MAILBOAT NAME: S/V The Brontes (aka “Brontes”)
PAST NAMES: not known – probably there were none
DIMENSIONS: 42 tons, sailing schooner, not known but capable of carrying 30 passengers, officers and crew, official # 151268
From the extraordinary book “The Great Bahamian Hurricanes of 1926: The Story of Three of the Greatest Hurricanes to Ever Affect the Bahamas,” by Wayne Neely, published in 2009, pages 127 –
128, describe the mail boat The Brontesleaving for San Salvador at the outset of the 1926 hurricane:
Two hours later the weather had deteriorated so badly that he ‘didn’t think the captain would be able to go through the Cays.” At some point on that Sunday night, The Brontes, probably after broaching, would be smashed to pieces somewhere in the Exuma Cays, hurling its 30 passengers and crew into the unforgiving sea. Sadly, there would be no survivors. Pieces of the wreckage would later turn up at Beacon Cay in the Exumas. A few days later a search party from Cat Island would make a gruesome discovery at Highbourne Cay (Norman’s Cay according to another account). Two women, one of them the wife of Commissioner Greenslade, lay dead on the beach.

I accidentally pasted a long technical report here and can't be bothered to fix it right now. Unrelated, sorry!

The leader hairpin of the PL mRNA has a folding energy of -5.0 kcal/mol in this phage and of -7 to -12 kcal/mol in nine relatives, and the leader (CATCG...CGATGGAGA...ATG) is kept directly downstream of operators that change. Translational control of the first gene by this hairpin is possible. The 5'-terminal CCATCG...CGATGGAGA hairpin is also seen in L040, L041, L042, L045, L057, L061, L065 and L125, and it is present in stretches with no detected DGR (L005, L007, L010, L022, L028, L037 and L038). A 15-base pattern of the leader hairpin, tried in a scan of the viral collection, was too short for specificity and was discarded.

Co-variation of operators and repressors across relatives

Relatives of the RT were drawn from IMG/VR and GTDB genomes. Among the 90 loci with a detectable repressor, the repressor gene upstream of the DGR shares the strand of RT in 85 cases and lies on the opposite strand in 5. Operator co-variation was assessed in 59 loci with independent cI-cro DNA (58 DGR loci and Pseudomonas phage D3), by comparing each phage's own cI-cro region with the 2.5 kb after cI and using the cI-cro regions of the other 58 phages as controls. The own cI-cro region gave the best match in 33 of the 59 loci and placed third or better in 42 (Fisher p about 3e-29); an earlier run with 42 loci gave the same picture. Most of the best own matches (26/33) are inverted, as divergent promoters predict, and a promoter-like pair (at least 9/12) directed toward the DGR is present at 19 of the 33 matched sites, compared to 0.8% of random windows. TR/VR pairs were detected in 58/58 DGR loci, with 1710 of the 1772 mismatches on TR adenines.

Describing the scene in gratuitously morbid detail, Arthur’s Town Commissioner Duncombe would note their bodies were “swollen, one having her head bound up in the usual manner for keeping out the draught and the other having sand all through her hair, the former was more swollen than the latter and her face was bursting open, the skin mostly peeled off.” Fearing contagion, the search party buried the bodies right away. Another body or two would turn up in the ensuring days but for the rest of The Brontes passengers, captain and crew, would forever be lost to the merciless waters of the Atlantic.”